If you've read this book, what do you think about it? I'd be honored if you wrote your own opinion of the book in the comments.


Friday, May 14, 2021

Aftermath by Terri Blackstock

Book cover
Aftermath
by Terri Blackstock


ISBN-13: 9780310345978
Paperback: 336 pages
Publisher: Thomas Nelson
Released: May 11th 2021

Source: ebook review copy from the publisher through NetGalley.

Book Description, Modified from Goodreads:
Criminal attorney Jamie Powell will accept the consequences for defending her lifelong friend, Dustin, when he’s accused of setting the bombs that killed dozens at a local political rally. But she hasn’t seen him since he aged out of foster care, and he’s always lived on the edge. As Jamie investigates his case and the people in his life, she realizes the facts coming to light could be devastating. Someone is setting him up...but proving it might hurt Dustin more than the accusation itself.


My Review:
Aftermath is a Christian romantic suspense. Dustin had a troubled childhood after his parents died, but he thrived in the Army and later created his own successful security firm. Only, someone has set him up as a clear suspect in a political rally bombing. He needs the help of an old friend who always believed in him and who's now a lawyer. Jamie fights to uncover the real culprit behind the bombing while protecting her client.

The suspense was created by the physical danger and emotional upheaval created by the bombing situation. The characters were interesting and reacted realistically to events. Jamie and Dustin worked together to prove his innocence and solve whodunit. They grew closer as they built upon their past friendship and acknowledged how much they cared for each other. While whodunit seemed like an obvious suspect to me and Jamie also suggested that person, it was understandable that Dustin needed further proof. I was frustrated, though, that Dustin didn't even try to not implicate himself when he found and was searching through evidence of the crime (and leaving his fingerprints all over it).

Some of the characters struggled to understand why God allowed some to live and others to die. There were no sex scenes or bad language. Overall, I'd recommend this interesting novel.


If you've read this book, what do you think about it? I'd be honored if you wrote your own opinion of the book in the comments.


Sunday, May 9, 2021

In a Far-Off Land by Stephanie Landsem

Book cover
In a Far-Off Land
by Stephanie Landsem


ISBN-13: 9781496450425
Hardcover: 384 pages
Publisher: Tyndale House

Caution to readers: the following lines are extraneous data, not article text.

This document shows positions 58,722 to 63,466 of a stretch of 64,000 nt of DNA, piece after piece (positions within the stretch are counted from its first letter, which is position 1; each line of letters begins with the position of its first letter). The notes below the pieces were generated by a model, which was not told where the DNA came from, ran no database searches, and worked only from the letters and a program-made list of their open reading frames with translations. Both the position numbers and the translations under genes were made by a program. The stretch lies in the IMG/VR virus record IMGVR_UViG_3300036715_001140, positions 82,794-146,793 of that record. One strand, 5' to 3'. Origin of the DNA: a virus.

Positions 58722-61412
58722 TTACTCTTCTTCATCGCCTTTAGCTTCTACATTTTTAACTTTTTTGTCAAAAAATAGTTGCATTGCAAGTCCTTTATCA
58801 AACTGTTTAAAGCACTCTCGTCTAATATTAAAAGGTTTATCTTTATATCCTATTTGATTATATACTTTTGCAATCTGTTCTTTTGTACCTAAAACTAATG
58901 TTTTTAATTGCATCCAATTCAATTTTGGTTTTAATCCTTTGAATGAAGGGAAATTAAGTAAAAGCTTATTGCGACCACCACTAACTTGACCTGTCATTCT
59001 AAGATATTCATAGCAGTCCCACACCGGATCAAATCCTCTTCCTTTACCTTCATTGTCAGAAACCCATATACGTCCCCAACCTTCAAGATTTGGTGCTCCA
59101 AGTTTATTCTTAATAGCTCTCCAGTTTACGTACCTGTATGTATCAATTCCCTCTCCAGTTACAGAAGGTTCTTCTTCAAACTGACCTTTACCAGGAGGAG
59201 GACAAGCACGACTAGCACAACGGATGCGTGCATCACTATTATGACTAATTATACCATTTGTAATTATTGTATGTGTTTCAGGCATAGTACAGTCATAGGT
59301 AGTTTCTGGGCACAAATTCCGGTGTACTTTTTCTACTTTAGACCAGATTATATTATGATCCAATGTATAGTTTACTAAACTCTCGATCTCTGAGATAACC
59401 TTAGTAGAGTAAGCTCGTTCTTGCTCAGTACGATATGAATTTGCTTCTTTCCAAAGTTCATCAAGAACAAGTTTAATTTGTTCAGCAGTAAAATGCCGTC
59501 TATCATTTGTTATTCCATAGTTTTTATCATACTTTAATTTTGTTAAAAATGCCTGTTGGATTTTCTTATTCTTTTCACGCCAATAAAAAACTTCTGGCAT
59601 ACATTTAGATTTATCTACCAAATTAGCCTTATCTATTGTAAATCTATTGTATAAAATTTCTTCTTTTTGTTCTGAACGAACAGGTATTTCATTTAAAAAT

Released: May 4th 2021

Source: ebook review copy from the publisher through NetGalley.

Book Description, Modified from Goodreads:
As the Great Depression hits the Midwest, Minerva Sinclaire runs away to Hollywood, determined to make it big and save the family farm. But beauty and moxie don't pay the bills in Tinseltown, and she's caught in a downward spiral of poverty, desperation, and compromise. Finally, she's about to sign with a major studio and make up for it all. Instead, she wakes up next to a dead film star and is on the run for a murder she didn't commit.

Only two unwilling men--Oscar, a Mexican gardener in danger of deportation, and Max, a too-handsome agent battling his own demons--can help Mina escape corrupt police on the take and the studio big shots trying to frame her. But even her quick thinking and grit can't protect her from herself. Alone, penniless, and carrying a shameful secret, Mina faces the consequences of the heartbreaking choices that brought her to ruin . . . and just might bring her back to where she belongs.


My Review:
In a Far-Off Land is a historical romance set in 1931 in America. It's loosely based on the lost/prodigal son parable in the Bible. It's not a mystery/suspense novel. While the story started with Mina waking up next to a murdered man, the story became a series of flashbacks. Much of the story was people thinking about or discussing or the characters telling the reader about the events that led up to that day. Very little action happened in the "current day" for about 75% of the book. Then a couple of characters discovered critical clues, quickly solved whodunit, and figured out what to do about it. The remaining story was about healing broken relationships.